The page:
Mirage – Immagini Postume

More New Jersey hardcore, indeed Ammo guitarist Matt Morgantini is among the personnel on Mirage’s debut tape. So what itch is being scratched on Immagini Postume that Ammo doesn’t satisfy? Well, thanks in large part to his guitar sound, there’s a gothic pallor to these 13 minutes, and something like a psychedelic cloud too. Frontman Salvatore sings in Italian, and Roachleg’s sales patter lists seminal Milan punx Wretched as one of several influences, though left to my own devices I’d probably bring up Rudimentary Peni and, maybe, very early Meat Puppets (which is to say that Mirage are probably not named in reference to that band’s 1987 album). A lot of hardcore bands put out stuff on tape while audibly still in the foetal stage – that’s fine, it’s kinda what the format is for – but if Immagini Postume had been delivered on wax I don’t think many people would have deemed that hubristic.

Möney – Boiling Wells
(Chicken Attack/Fury Tapes)

Bit of a halftime breather from the various horrendous rackets here with a five-song cassette by some Bristolians who seem to be anarcho punks, culturally speaking, but make music which is pensive and sparse, more attuned to the singsongy postpunk end of the genre. Tonally, the guitar of Möney’s Dominic (who’s also the band’s vocalist) is thoroughly pleasant sounding, somewhat Young Marble Giants-ish on ‘Desiertos De Sal’, but much like YMG there’s a sinister underlay: is Violeta, the second voice on the song, laughing or crying towards the end? Basslines are robust and sinewy, keeping Boiling Wells in punk territory stylistically lest it be mistaken for C86 type fare; ‘Pleasure’ and ‘Happiness’ up the tempo and remind me of another underrated, now dormant Bristol band, Neurotic Fiction. If you liked this year’s Straw Man Army album, and could imagine digging a version of it that more closely resembled 80s UK indie than 90s college rock, Möney might be worth a punt.

Personal Damage – Ambush
(Test Subject)

This is a 2022 7-inch pressing of a tape from late 2021, if you want to be a real weenie about it, but there’s nothing you can do to stop me telling you about Personal Damage and their scorching west coast hardcore classicism! These lads are from Los Angeles and sound like it, at least if we incorporate the surrounding sprawl while wondering if the yappy call-and-response vocals on Ambush’s title track are supposed to be a homage to Middle Class’ ‘Out Of Vogue’ or just turned out that way. The rest of the EP stays very much in ‘first wave USHC’ territory – ‘Prison Box’ would be a worthy two-minute addition to the Circle Jerks’ quarter-hour Group Sex – even on its final number, a cover of ‘Steppin’ Razor’ as popularised by Peter Tosh. You may be disappointed to find there’s limited reggae at Personal Damage’s punky reggae party, but they chunter through it with infectious glee anyhow.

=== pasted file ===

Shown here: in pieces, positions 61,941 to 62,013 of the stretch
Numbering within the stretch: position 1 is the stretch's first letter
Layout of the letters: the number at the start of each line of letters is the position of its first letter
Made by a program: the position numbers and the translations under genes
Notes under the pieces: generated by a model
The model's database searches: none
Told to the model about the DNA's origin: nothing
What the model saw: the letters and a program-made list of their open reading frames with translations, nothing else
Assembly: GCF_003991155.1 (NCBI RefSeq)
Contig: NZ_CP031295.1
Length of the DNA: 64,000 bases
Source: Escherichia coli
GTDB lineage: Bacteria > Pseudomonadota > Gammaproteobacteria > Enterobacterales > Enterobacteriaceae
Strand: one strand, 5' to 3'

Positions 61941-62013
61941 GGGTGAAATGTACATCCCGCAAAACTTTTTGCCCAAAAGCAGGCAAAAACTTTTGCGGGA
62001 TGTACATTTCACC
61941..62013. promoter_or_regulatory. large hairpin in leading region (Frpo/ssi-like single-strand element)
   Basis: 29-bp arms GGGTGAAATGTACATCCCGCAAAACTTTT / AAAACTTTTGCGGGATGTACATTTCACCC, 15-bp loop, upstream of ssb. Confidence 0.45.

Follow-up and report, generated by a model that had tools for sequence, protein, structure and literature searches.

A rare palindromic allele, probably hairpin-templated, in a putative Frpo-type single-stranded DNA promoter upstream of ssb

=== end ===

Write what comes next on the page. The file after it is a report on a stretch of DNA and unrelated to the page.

Sniffany & The Nits – The Unscratchable Itch

Sniffany & The Nits’ debut album goes much harder than you might expect if you were to, like, not listen to it. It was released on a Moshi Moshi Records sublabel with no other even slightly ‘punk-sounding’ bands on its roster, has artwork (by the group’s vocalist, Josephine Edwards) which might make an uninformed browser imagine some kind of wavey psych outfit, and its instrumental section is comprised of former members of Welsh janglers Joanna Gruesome. But The Unscratchable Itch is speedy and distorted, like something the Toxic State label might have released at a nonspecific point, and with its cumulative imagery does a terrific worldbuilding job over 24 minutes. Edwards is probably one of the best lyricists doing the DIY punk rounds at present – lurid and cheerfully macabre, with a very good ear for allegory – while ‘Clam Chowder’, sung in the character of a middle-aged woman following her husband to a swingers’ evening, feels in the lineage of Ray Davies or Jarvis Cocker more than anything.

Swab – Big City
(Hardcore Victim)

Swab’s debut album is another one I straight up did not have on my radar until about six months after its May release, which on a personal level is a major flub as it marks the vocal return of Christina Pap – onetime Aussie in Ohio fronting the great Vanilla Poppers, now back in Melbourne and squawking up a storm on a seriously energetic dose of manic hardcore. The five seconds of metallic shred guitarist Blake Damilatis opens Big City with, while not specifically representative of his playing in general, serves as a statement of intense intent. It honestly seems pretty rare for a contemporary band to play this fast, all the time, while still being most correctly labelled hardcore (as opposed to power violence or grind, neither of which Swab at all resemble). I keep thinking that if Zeke tried to sound like a band on This Is Boston Not LA it might, vocals notwithstanding, resemble Swab, which is my kinda hypothetical even if these guys didn’t agree.

Violin – Violin
(La Vida Es Un Mus)

So far as I can tell from extensive research (typing the word into the Discogs search box), no-one has ever called their band Violin before, though even if they had it would still be a great name for a full-steam-ahead hardcore group. Although! Violin isn’t actually a group, but a solo project with a helpful drummer to do the one thing the main geezer can’t. As the drummer is Jonah Falco, Canadian in London renowned for rhythmic aplomb in Fucked Up and multiple others, you know that side of things is fresh and booming. The main geezer is Lindsay Corstophine, also of the postpunkish Sauna Youth; he does have a hardcore past of sorts, in mid-00s band The Steal, but they were decidedly more melodic and cleancut than Violin’s brickwall belligerence, which is more in the vein of bands like The Flex or (another solo project) Rat Cage. Corstophine makes room for some weirder, less by-the-book touches, too, like the guitar on ‘Empty Mind’, which resembles one of those tiny sound chips in birthday cards.

Vivisektio – Uusi Normaali

This band were active in the remarkably diamond-dotted Finnish hardcore scene of the early 1980s, although never released anything at the time outside of a few compilation tape songs, and so were perhaps most notable for geographical reasons: hailing from a tiny Lapland village, Vivisektio might have been the world’s northernmost punk group. A late-00s regrouping has resulted in a few tours and releases, including Uusi Normaali, their first studio album for eleven years, and it’s impressively raging: the same rapidfire anarcho stomp as the first time round (never more so than ‘Sotakuume’) but with production values elevated above ‘tin can’ levels. Vivisektio personnel remained in bands after first separating in 1986, and the current quartet, who feature two remaining original members, split the difference between the ballistic HC of original peers like Terveet Kädet and later pushers of a Finn-crust sound, like Unkind. The band probably hate people making corny references to Santa, Christmas presents, elves, things of that nature, so I won’t end by doing that.